was further prejudiced when her attorney failed to object to
the supplemental instruction.
of Error No. 3
trial court erred when it failed to conduct an inquiry with
Juror #8 to determine if the juror was able to perform her
duties after it was reported she was hysterical and
physically upset when the jury went back to
of Error No. 4
trial court erred when it overruled appellant's motion
for new counsel without first determining the status of the
attorney/client relationship by inquiring of appellant the
basis for the motion.
of Error No. 5
was denied a fair trial as a result of the cumulative errors
that occurred throughout the trial.
Assignment of Error
In Mitchell's first assignment of error, she argues that
there was insufficient evidence presented to convict her of
Involuntary Manslaughter and that her conviction was against
the manifest weight of the evidence. Specifically she argues
that the State failed to prove the charge of Involuntary
Manslaughter beyond a reasonable doubt. She argues that
Brandon Redd's involvement in this matter was an
intervening factor, breaking the chain of causation required
to prove Involuntary Manslaughter.
Whether there is legally sufficient evidence to sustain a
verdict is a question of law. State v. Thompkins, 78
Ohio St.3d 380, 386 (1997). Sufficiency is a test of
adequacy. Id. When an appellate court reviews a
record upon a sufficiency challenge," 'the relevant
inquiry is whether, after viewing the evidence in a light
most favorable to the prosecution, any rational trier of fact
could have found the essential elements of the crime proven
beyond a reasonable doubt.'" State v.
Leonard, 104 Ohio St.3d 54, 2004-Ohio-6235, ¶ 77,
quoting State v. Jenks, 61 Ohio St.3d 259 (1991),
paragraph two of the syllabus.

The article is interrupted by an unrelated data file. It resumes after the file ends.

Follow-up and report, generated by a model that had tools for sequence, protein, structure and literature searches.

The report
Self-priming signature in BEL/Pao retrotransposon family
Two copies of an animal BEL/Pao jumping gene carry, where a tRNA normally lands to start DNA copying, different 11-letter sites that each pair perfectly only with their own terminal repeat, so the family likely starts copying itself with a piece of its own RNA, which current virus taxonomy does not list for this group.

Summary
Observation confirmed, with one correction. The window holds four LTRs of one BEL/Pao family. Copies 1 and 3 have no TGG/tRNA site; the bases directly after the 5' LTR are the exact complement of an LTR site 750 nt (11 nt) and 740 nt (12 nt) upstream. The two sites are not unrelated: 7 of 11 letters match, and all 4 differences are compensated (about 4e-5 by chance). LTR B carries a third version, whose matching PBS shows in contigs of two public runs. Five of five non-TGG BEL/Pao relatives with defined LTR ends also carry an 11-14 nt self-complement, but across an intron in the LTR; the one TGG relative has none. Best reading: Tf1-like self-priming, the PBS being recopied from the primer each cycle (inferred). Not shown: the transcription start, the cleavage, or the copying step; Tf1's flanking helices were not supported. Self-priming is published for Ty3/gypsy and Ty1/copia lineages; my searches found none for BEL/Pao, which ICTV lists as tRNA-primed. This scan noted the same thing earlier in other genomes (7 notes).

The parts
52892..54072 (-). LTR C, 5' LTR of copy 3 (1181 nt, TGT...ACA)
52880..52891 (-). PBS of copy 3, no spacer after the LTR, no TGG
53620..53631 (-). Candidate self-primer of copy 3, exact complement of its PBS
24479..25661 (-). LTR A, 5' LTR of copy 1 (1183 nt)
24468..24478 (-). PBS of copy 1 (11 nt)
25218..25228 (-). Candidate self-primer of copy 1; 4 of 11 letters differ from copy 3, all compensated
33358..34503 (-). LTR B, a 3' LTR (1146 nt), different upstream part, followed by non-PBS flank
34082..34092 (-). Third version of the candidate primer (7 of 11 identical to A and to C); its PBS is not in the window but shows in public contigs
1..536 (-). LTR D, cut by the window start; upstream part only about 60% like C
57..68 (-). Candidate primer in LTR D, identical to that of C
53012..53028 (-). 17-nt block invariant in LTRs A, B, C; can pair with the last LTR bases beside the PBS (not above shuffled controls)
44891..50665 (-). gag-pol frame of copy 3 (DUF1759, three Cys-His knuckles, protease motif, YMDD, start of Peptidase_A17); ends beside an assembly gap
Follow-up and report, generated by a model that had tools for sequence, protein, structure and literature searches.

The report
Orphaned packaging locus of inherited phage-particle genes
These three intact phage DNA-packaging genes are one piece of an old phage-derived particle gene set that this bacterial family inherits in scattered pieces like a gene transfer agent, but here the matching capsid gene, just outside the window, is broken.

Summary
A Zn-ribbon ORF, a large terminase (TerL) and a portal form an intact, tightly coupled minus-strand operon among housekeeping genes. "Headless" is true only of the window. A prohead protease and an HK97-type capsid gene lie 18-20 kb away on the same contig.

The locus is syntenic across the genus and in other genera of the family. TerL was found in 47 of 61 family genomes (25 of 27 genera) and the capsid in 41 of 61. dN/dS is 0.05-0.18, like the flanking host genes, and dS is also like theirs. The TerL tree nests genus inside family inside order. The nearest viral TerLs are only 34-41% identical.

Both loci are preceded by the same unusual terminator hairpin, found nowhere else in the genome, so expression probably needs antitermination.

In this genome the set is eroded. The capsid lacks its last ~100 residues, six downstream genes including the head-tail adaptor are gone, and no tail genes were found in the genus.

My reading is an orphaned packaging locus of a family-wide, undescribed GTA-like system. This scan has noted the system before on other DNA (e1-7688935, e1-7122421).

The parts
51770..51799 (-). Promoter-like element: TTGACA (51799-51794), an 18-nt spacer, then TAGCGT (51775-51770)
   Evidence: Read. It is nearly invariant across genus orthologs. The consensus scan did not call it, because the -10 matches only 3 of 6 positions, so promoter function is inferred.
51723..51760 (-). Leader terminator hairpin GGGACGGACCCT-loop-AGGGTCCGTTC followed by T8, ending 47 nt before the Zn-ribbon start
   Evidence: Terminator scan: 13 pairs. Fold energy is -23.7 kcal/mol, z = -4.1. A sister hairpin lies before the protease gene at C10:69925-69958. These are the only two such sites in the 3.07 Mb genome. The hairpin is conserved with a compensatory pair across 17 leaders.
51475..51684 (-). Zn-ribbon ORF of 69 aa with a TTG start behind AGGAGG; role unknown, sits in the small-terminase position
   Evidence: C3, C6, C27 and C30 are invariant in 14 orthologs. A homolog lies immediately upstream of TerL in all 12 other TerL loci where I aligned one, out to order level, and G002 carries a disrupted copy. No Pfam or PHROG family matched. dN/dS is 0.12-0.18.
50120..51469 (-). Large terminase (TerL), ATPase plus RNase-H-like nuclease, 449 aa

In reviewing whether a verdict was against the manifest
weight of the evidence, the appellate court sits as a
"thirteenth juror" and examines the conflicting
testimony. Thompkins at 387. In doing so, this Court
must review the entire record, weigh the evidence and all of
the reasonable inferences, consider the credibility of
witnesses and determine whether in resolving conflicts in the
evidence, the factfinder "clearly lost its way and
created such a manifest miscarriage of justice that the
conviction must be reversed and a new trial ordered."
Nevertheless, a reviewing court must allow the trier-of-fact
appropriate discretion on matters relating to the credibility
of the witnesses. State v. DeHass, 10 Ohio St.2d
230, 231 (1967). When applying the manifest-weight standard,
"[o]nly in exceptional cases, where the evidence
'weighs heavily against the conviction,' should an
appellate court overturn the trial court's
judgment." State v. Haller, 3d Dist. Allen No.
1-11-34, 2012-Ohio-5233, ¶ 9, quoting State v.
Hunter, 131 Ohio St.3d 67, 2011-Ohio-6524, ¶ 119.
In this case, Mitchell was convicted of Involuntary
Manslaughter in violation of R.C. 2903.04(A), which reads
"No person shall cause the death of another or the
unlawful termination of another's pregnancy as a
proximate result of the offender's committing or
attempting to commit a felony."
"The term 'proximate result' in the
[I]nvoluntary [M]anslaughter statute involves two concepts:
causation and foreseeability." State v. Hall,
12th Dist. Preble No. CA2015-11-022, 2017-Ohio-879, ¶
71, citing State v. Feltner, 12th Dist. Butler No.
CA2008-01-009, 2008-Ohio-5212, ¶ 13. "Generally,
for a criminal defendant's conduct to be the proximate
cause of a certain result, it must first be determined that
the conduct was the cause in fact of the result, meaning that
the result would not have occurred 'but for' the
conduct." Id.; see also State v. Carpenter, 3d
Dist. Seneca No. 13-18-16, 2019-Ohio-58 (providing a thorough
discussion of proximate result and causation). While
"but for" causation is used in the vast majority of
cases, there are circumstances where that analysis is
inapplicable because, as a matter of law, there can be more
than one proximate cause of an injury. State v.
Hall, 12th Dist. Preble No. CA2015-11-022,
2017-Ohio-879, ¶ 72, citing Strother v.
Hutchinson, 67 Ohio St.2d 282, 287 (1981); Taylor v.
Webster, 12 Ohio St.2d 53, 56 (1967), see also State
v. Dunham, 5th Dist. Richland No. 13CA26,
2014-Ohio-1042, ¶ 48.
"The second component of causation-the legal or
"proximate" cause-refers to the foreseeability of
the result." State v. Carpenter, 3d Dist.
Seneca No. 13-18-16, 2019-Ohio-58, ¶ 53, citing Katz,